Things don’t look good for Canadian developer Jeremy Cutler, who created a popular browser extension that modifies the Tumblr interface in several neat ways, including tweaks to the navigation, the ability to reblog yourself as well as a faster way to add tags and replies, a feature that opens all posts from the dashboard in a new tab, and on and on. “Missing e” has been shared 800 times via Twitter, 3,000 times via Facebook and 240 times via Google+. But Tumblr-proper is unhappy about the extension because it interferes with control over user experience (among other reasons), and has threatened to shut down Mr. Cutler’s personal Tumblr if he doesn’t cease and desist.
Mr. Cutler had already stopped using the Tumblr API in an attempt to pacify Karp and Co. But a surprise conference call made it clear that wasn’t enough. He writes:
Whether or not I have grounds to justly disagree with them on this, the fact remains that under the Tumblr Terms of Service, they are well within their rights to delete my Tumblr blogs as a punitive action should I continue to distribute the extension. They have informed me that this is the course of action they will take should I not acquiesce to their demands.
I attempted to discuss options through which we could work together on making Missing e something they would accept, but after initial positive statements, they seemed fairly averse to the idea. Their intent is for me to stop distribution of Missing e in any form.
Their concerns range from a perception of an increased support load due to “issues” with Missing e features to a desire to dictate how the Tumblr interface is presented to all users. Even after my commitment to them that I would not permit any feature that removes their content or modifies it in any way that would prevent promotional content from being visible to users, they still would not change their position in any way.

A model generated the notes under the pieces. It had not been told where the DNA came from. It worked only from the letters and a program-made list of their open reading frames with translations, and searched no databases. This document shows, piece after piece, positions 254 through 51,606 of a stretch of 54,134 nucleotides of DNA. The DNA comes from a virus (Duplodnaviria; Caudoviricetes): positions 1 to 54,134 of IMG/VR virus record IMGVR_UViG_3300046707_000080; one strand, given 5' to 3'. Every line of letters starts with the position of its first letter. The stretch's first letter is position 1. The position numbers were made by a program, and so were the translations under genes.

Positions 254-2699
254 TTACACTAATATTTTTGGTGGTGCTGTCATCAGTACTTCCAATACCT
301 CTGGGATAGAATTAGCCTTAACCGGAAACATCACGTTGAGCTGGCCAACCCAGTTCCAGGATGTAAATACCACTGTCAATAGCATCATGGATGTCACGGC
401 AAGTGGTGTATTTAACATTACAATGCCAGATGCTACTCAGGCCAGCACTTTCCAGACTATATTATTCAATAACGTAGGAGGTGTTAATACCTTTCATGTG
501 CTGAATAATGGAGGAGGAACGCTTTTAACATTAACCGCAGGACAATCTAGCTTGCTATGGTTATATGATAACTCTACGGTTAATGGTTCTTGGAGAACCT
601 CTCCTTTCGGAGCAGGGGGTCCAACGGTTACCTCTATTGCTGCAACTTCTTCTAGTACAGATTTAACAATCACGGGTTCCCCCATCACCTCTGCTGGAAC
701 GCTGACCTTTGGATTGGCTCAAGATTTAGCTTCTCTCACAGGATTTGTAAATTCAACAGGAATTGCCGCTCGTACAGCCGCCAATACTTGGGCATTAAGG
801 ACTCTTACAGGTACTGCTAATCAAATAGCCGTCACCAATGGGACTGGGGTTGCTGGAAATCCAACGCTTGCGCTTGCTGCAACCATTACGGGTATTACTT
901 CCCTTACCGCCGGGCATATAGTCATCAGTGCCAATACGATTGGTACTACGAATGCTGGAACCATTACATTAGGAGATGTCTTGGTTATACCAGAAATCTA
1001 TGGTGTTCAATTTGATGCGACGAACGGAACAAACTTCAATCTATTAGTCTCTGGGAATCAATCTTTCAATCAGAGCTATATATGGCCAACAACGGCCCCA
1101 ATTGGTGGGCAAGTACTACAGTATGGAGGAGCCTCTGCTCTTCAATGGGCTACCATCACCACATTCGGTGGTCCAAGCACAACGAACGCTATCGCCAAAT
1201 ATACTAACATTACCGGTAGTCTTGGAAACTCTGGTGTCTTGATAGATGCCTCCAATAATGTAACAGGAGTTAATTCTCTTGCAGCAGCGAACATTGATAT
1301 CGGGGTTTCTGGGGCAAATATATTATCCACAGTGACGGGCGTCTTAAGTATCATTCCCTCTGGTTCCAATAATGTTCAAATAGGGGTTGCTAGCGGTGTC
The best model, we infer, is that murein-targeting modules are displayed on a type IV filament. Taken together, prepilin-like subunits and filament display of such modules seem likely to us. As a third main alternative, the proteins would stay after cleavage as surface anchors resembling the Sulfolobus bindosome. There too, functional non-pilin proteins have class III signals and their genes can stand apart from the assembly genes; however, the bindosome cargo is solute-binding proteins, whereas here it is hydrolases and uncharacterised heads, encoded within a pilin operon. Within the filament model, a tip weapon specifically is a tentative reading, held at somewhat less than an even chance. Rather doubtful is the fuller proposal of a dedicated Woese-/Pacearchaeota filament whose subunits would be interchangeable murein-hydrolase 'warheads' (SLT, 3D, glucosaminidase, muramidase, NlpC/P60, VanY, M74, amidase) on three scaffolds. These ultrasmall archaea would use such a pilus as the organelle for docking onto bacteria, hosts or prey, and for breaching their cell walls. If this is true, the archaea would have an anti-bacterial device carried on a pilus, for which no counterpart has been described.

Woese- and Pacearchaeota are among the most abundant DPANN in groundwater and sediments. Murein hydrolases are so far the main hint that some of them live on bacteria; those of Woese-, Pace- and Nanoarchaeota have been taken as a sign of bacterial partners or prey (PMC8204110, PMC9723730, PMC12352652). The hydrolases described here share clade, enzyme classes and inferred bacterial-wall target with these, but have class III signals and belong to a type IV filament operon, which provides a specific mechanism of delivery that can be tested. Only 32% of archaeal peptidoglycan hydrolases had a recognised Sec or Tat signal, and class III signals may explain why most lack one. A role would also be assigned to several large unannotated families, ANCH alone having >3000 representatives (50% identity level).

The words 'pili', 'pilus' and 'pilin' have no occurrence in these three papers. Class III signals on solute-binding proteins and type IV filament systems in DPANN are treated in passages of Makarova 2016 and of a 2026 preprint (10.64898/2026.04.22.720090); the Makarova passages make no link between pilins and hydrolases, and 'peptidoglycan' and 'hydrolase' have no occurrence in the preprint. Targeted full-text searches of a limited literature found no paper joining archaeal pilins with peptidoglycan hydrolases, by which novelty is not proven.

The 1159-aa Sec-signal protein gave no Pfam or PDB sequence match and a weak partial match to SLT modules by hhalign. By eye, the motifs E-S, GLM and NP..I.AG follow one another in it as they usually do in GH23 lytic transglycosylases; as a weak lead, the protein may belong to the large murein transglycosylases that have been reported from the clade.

Mr. Cutler has requested a clarification in writing from Tumblr and says he intends to distribute the extension until he gets it.
It makes sense for Tumblr to want to control the ways users access the site; consider Twitter’s crackdown on clients–and it’s best to set the precedent early. But alongside news last week of Tumblr’s clashes with its users in the fashion industry, Tumblr comes across as rather tone-deaf.
The post about the not-so-bright future of Missing e has 1,919 notes. “BUT MISSING E IS AWESOME,” one user writes. Another says, “Excuse me, tumblr, but yeah no, seriously, what the fuck?” Tumblr, which just pushed the first significant Android app update in more than six months, has been working on scaling its infrastructure and has been introducing features at a relaxed pace. So its understandable that users would be miffed when Tumblr tries to shut down a feature rich extension and bullies its creator into backing off.